Pope Francis has confirmed that the first ever papal visit to Iraq is going ahead despite security concerns.
The three-day trip, starting on March 5, will see the pope meet ancient Christian communities persecuted during the Islamic State group’s reign of terror.
The 84-year-old pontiff plans to voice solidarity with them and the rest of Iraq’s 40 million people during an intense week of visits nationwide.
From central Baghdad to the Shiite shrine city of Najaf, welcome banners featuring his image and Arabic title “Baba al-Vatican” already dot the streets.
From Ur, the birthplace of the Prophet Abraham in the southern desert, to ravaged Christian towns in the north, roads are being paved and churches rehabilitated in remote areas that have never seen such a high-profile visitor.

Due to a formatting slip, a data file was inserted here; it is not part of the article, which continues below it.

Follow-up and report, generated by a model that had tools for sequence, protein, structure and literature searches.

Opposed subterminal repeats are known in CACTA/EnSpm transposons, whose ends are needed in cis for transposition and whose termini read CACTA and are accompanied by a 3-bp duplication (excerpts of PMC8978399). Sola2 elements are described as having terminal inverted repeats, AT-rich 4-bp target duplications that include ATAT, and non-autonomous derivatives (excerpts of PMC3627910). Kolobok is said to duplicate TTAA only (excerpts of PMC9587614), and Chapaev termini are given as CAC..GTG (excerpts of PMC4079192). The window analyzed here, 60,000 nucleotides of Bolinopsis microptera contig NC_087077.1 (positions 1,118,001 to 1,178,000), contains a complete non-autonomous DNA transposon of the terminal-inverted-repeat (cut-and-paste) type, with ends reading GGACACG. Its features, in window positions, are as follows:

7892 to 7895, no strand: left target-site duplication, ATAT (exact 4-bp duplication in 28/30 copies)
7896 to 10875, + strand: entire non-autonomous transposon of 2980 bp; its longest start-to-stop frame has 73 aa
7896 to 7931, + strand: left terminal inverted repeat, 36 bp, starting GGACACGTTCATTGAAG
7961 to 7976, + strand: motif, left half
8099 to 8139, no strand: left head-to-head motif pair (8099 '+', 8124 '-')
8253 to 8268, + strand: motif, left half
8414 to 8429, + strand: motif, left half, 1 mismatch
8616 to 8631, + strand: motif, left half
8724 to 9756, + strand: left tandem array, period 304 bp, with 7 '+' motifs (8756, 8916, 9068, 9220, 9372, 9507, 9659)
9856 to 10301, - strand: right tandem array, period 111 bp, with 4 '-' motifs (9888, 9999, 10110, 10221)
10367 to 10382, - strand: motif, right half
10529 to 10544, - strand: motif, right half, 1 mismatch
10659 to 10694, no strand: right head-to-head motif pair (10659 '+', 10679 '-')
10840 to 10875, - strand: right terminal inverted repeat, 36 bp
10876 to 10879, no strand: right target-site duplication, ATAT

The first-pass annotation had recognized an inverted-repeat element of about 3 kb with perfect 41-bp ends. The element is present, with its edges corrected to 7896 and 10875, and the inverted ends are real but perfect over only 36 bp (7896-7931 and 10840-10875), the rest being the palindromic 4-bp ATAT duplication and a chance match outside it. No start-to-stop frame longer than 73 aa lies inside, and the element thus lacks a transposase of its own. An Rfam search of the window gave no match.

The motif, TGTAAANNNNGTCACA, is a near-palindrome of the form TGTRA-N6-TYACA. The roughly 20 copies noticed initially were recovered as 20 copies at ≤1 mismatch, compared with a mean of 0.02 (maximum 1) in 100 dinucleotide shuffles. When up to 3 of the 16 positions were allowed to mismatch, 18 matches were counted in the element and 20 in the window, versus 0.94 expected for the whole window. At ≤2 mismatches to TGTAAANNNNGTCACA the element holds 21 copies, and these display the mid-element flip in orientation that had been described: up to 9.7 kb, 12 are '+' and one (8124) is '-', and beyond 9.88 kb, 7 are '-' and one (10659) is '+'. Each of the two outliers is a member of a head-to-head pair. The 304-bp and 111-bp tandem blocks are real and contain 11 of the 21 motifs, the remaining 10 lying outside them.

“It’s a historic visit — we’re talking about the head of a religious sect that is followed by 20 percent of the world’s population.
“His visit means a lot. His visit to His Holiness, the top cleric, Grand Ayatollah Ali Sistani, will have a huge impact,” Najaf Governor Luay al-Yasserit said.